© Copyright 2006 Rogers Publishing Ltd. The following article first appeared in the June 2005 edition of BENEFITS CANADA magazine.
Plan sponsors are unhappy about their absence from the Politique du médicament, a government white paper that proposes changes to Quebec’s drug industry.

A WHITE PAPER THAT PROPOSES TO REFORM QUEBEC’S DRUG industry has plan sponsors seeing red. The Politique du médicament—the first government drug reform proposal since 1997—sounds good. Its four key aims: more accessibility to drugs, fairer drug pricing, optimal drug utilization programs and the maintenance of a healthy pharmaceutical industry in Quebec. “This drug policy…it really makes sense,” says Francois Picard, a managing partner with Morneau Sobeco’s benefits practice in Montreal.

So why has it touched off a firestorm among employers?

The answer, says Johanne Brosseau, a senior consultant with Aon Consulting in Montreal, is that it’s “craftily” written. Plan sponsors will find that although they’re not mentioned in the text, they’re the unwitting recipients of more cost-shifting. “Sponsors say(to the government): ‘You never mention us, you never talked to us, you never included us in the decision- making process and yet RAMQ(La Régie de l’assurance maladie du Québec, which administers Quebec’s Health Insurance Plan and the Public Prescription Drug Insurance Plan)which is responsible for [fewer] Quebeckers than us, is part of that decision- making,’” she says. Brosseau adds there are three areas of concern for Quebec sponsors of private plans:

1. Transfer of costs. The Politique indicates that drugs currently administered to ambulatory patients in hospitals(except cancer patients)will be offloaded to the private sector. This means costs will be higher for sponsors and plan members, as they will now have to pay deductibles and coinsurance for drugs. Sponsors want a mechanism put in place that ensures prices of drugs are capped at the pharmacy level and through tendering processes such as those afforded to hospitals. “[Hospitals] pay for these drugs a lower price than we would in the private or the public sector because we don’t go for tender,” says Brosseau. That means that a given drug in a private plan—already more expensive—will have a pharmacist fee added to it and will cost more.

2. Drugs under prior authorization. According to Brosseau, too many unnecessary drugs have been added to the prior authorization list. While more employers recognize the need to submit costly medications for prior approval, they want the government to pull drugs that have no financial risk for insureds but are costly for sponsors to administer and prone to claimant abuse.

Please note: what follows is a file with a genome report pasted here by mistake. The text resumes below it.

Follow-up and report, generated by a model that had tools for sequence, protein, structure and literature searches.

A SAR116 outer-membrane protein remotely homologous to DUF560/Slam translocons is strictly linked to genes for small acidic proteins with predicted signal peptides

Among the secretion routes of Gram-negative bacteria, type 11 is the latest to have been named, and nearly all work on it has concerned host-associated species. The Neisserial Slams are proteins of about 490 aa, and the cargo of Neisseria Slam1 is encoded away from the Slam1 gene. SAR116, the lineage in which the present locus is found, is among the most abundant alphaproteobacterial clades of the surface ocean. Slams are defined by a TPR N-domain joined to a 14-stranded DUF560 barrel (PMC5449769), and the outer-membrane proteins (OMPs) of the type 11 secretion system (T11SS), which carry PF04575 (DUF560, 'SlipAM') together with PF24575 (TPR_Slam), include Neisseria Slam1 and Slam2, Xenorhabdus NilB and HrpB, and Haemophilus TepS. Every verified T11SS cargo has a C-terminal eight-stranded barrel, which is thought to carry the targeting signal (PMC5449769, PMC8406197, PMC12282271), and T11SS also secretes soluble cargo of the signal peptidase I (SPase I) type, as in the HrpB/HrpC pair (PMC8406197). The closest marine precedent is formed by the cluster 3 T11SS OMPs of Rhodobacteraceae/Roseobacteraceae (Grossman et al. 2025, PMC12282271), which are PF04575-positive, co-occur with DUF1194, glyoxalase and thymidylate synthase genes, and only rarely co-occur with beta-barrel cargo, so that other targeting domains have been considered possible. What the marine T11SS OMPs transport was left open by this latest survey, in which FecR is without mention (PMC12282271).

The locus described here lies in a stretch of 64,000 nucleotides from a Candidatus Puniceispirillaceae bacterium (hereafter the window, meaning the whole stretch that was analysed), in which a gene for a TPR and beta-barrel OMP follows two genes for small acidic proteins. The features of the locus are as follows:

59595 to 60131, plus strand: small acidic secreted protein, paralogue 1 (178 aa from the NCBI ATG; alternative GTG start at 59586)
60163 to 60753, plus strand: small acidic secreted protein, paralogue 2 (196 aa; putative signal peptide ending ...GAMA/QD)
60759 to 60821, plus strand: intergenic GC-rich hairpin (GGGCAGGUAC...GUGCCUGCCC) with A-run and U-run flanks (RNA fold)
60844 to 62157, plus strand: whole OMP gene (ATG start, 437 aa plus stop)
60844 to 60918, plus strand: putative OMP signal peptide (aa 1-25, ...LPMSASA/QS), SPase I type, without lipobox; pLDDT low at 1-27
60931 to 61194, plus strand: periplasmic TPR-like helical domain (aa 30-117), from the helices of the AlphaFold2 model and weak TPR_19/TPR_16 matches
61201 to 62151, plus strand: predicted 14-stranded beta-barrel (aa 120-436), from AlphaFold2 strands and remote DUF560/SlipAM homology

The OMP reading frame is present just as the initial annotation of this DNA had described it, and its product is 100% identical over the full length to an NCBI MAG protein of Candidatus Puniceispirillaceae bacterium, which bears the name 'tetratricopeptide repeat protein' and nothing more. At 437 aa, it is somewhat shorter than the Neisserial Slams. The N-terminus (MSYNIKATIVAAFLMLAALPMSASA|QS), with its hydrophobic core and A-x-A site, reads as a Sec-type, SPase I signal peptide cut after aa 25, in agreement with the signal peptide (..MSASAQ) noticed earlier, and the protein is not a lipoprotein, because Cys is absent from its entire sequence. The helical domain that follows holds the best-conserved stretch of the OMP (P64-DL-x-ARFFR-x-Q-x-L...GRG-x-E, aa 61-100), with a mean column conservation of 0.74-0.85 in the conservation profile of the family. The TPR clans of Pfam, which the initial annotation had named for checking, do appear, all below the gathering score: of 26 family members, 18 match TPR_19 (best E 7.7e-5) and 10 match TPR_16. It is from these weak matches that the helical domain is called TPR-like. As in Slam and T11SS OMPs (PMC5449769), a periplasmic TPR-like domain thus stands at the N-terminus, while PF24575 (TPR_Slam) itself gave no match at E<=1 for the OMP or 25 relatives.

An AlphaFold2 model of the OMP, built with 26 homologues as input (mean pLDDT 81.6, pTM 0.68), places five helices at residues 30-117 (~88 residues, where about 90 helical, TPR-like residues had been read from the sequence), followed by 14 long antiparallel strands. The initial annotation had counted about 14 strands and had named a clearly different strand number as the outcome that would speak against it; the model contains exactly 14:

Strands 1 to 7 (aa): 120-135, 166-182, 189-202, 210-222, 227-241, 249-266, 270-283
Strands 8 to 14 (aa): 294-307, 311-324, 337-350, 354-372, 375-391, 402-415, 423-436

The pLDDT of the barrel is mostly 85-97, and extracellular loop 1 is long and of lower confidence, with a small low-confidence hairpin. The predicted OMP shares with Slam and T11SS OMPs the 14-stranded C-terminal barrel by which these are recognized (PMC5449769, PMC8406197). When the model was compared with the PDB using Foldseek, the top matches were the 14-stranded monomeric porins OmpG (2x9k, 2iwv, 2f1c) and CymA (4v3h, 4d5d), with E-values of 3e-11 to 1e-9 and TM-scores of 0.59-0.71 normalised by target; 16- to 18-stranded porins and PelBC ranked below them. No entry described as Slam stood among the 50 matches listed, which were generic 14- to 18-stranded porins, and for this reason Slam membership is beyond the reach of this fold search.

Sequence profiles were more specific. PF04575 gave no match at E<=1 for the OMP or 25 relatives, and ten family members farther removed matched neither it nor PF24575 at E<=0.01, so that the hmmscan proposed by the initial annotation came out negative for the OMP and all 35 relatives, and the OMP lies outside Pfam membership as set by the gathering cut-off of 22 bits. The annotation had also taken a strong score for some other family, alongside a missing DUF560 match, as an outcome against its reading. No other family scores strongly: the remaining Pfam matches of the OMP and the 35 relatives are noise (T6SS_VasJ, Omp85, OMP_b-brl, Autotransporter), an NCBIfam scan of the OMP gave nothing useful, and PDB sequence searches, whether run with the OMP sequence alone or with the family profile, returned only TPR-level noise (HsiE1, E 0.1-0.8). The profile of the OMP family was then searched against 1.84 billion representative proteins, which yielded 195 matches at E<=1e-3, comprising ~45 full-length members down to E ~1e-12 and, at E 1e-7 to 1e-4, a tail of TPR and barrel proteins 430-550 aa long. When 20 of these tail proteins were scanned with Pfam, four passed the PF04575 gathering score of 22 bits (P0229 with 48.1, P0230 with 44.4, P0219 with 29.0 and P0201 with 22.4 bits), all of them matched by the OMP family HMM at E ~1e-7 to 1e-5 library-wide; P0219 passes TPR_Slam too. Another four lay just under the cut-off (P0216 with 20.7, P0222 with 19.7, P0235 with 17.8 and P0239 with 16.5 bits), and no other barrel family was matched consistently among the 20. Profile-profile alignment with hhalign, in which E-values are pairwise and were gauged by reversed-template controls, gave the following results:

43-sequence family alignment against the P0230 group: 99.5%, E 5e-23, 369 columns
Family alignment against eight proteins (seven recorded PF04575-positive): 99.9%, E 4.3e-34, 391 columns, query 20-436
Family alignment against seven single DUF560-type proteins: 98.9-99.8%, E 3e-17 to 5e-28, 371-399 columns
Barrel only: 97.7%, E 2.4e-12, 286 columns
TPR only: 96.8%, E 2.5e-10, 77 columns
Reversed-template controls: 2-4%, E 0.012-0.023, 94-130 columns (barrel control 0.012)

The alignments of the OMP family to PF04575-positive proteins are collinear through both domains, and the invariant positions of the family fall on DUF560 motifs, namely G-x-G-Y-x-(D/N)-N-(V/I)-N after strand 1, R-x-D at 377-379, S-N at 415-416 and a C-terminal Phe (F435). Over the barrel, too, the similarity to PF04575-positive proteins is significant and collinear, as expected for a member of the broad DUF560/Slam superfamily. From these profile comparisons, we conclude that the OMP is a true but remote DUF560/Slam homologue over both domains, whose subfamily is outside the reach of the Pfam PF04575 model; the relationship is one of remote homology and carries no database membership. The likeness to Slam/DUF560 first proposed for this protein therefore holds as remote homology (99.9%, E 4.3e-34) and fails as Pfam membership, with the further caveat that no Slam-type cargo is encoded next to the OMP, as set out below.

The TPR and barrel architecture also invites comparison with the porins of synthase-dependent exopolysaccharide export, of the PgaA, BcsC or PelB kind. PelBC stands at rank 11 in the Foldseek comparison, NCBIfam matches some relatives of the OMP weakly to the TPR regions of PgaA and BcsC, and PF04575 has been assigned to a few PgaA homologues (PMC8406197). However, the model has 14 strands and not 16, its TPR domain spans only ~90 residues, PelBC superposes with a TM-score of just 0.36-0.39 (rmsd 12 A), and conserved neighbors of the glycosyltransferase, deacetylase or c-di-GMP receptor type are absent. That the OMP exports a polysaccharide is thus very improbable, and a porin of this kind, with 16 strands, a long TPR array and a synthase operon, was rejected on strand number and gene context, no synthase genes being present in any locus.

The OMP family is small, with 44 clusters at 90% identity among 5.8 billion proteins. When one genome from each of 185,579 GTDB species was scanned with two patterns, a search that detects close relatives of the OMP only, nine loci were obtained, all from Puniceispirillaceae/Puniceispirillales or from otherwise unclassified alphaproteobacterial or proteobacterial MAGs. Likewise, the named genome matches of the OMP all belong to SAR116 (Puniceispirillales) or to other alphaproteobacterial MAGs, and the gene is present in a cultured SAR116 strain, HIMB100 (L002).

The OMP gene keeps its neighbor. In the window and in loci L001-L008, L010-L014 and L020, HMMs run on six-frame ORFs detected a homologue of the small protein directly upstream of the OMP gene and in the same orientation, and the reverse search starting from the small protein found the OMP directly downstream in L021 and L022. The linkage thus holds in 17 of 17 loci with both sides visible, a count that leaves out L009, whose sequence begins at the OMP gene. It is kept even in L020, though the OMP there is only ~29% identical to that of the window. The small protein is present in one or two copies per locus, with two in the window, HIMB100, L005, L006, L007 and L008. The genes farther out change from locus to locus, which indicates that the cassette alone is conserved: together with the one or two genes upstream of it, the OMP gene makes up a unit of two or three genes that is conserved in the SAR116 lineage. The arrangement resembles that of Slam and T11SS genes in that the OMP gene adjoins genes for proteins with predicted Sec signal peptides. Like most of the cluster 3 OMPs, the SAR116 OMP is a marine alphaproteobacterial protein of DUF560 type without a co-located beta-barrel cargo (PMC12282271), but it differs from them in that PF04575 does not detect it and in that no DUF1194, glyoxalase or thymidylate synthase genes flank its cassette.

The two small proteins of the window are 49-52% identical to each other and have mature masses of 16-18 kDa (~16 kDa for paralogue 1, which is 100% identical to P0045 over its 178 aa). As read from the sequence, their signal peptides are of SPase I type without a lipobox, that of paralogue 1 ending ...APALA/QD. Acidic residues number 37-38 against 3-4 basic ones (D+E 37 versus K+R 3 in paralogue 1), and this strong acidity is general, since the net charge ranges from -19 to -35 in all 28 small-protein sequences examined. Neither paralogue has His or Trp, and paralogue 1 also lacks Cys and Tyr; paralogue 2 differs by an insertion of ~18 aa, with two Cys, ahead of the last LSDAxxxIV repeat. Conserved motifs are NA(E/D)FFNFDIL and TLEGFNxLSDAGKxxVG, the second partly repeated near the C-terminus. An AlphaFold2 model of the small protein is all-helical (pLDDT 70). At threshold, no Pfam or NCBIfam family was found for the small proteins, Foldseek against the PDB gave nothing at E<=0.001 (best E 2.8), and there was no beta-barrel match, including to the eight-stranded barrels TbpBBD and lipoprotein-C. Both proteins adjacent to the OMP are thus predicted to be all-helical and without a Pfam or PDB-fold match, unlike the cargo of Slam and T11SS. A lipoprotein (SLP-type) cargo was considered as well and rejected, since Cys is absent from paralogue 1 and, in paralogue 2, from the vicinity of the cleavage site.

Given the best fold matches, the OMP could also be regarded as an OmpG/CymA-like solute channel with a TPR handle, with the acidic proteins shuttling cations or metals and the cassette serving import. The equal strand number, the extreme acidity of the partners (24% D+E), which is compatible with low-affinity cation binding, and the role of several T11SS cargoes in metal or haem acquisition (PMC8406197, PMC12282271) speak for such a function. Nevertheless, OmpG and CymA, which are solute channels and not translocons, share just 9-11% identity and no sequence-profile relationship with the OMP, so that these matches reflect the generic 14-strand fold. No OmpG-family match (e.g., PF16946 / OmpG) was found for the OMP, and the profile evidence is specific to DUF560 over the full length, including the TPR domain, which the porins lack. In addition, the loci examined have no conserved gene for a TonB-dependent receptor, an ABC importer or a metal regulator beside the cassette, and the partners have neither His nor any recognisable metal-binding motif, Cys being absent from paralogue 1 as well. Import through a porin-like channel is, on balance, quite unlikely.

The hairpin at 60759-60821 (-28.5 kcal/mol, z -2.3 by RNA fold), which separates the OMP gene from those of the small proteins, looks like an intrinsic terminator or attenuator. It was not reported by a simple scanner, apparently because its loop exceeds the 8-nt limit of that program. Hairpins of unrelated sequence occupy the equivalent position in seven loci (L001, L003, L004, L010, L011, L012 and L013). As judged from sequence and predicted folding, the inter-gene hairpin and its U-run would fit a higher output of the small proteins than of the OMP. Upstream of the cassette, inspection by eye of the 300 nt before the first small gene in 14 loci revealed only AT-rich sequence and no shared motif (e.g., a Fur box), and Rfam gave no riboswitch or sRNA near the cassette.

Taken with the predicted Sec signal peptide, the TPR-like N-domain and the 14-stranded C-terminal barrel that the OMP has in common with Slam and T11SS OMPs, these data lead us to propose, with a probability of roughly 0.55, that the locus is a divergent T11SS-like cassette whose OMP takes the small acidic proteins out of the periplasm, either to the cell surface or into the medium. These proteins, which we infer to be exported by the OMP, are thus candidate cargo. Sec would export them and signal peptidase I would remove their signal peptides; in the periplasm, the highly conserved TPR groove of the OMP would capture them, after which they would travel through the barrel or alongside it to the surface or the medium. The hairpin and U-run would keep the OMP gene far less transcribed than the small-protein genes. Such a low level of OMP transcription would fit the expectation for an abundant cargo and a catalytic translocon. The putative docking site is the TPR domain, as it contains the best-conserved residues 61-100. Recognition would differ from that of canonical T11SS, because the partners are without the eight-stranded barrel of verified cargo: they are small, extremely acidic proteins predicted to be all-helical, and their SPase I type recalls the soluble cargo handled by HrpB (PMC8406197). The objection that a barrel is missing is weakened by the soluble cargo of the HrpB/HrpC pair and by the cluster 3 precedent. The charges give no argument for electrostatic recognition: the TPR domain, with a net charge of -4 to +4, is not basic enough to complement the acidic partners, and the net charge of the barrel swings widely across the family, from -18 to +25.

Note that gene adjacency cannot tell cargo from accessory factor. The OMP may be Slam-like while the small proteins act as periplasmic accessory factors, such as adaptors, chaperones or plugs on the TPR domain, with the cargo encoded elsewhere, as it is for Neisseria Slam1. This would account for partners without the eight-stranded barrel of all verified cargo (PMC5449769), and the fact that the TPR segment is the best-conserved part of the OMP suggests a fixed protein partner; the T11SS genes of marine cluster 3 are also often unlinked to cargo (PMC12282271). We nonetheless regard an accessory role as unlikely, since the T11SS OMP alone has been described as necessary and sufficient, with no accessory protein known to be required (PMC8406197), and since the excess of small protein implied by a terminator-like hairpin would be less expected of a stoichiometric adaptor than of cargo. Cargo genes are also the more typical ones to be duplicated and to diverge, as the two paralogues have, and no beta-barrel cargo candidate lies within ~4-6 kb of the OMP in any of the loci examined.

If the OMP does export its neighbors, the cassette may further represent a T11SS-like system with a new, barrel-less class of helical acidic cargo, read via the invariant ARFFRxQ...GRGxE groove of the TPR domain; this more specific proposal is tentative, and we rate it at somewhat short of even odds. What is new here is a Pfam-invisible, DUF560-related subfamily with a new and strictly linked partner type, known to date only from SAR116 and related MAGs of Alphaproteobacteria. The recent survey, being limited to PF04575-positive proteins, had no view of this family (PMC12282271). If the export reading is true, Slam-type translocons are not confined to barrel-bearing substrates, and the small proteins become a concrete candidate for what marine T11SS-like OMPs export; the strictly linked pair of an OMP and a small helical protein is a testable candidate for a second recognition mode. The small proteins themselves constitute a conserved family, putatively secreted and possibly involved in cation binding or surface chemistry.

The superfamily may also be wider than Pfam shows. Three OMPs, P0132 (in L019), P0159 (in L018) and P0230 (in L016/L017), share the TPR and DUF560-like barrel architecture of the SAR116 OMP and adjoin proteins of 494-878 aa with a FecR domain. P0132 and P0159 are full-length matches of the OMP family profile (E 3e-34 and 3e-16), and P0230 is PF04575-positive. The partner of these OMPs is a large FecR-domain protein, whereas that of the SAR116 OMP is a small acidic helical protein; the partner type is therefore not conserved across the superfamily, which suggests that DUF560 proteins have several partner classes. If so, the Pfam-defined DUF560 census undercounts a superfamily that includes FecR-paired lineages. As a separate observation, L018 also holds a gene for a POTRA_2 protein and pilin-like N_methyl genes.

As well, though the white paper promises the province will pay for medication taken by patients with inherited metabolic diseases that can often total $300,000 per year, there is no mention of privatelyinsured individuals being entitled to coverage.

3. The maintenance of a 15-year drug price. Under current law, RAMQ will limit the reimbursement of brand name drugs to the best available price of a generic only when the brand name drug has been listed on the formulary for 15 years, even if the federal patent has expired. This approach, called BAP+15, does not apply to private plans. But because it is mandatory to reimburse at least 71.5% of the amount claimed for a brand name drug, sponsors cannot realize the full savings resulting from generic substitution. “We say: do whatever you want to help the pharma industry with the public plan but allow us some leeway to promote generic substitution and eliminate the iniquities between the public plan and the private plans,” says Brosseau.

There is concern change could come swiftly. The white paper is soon to be introduced in parliament as a bill and will probably be adopted by the end of the year. Picard advises sponsors gird themselves. “They should apply best practices in the way they manage their current benefits plan and their current drug plan.”

At press time, Brosseau had been invited to a public hearing with government officials. But she’s still frustrated with the marked absence of the of private sector in the Politique. “If you want to keep our money,” she says to the government, “then maybe you should give us a say—because we’re pretty fed up.”

Anna Sharratt is managing editor of BENEFITS CANADA.

For a PDF version of this article, click here.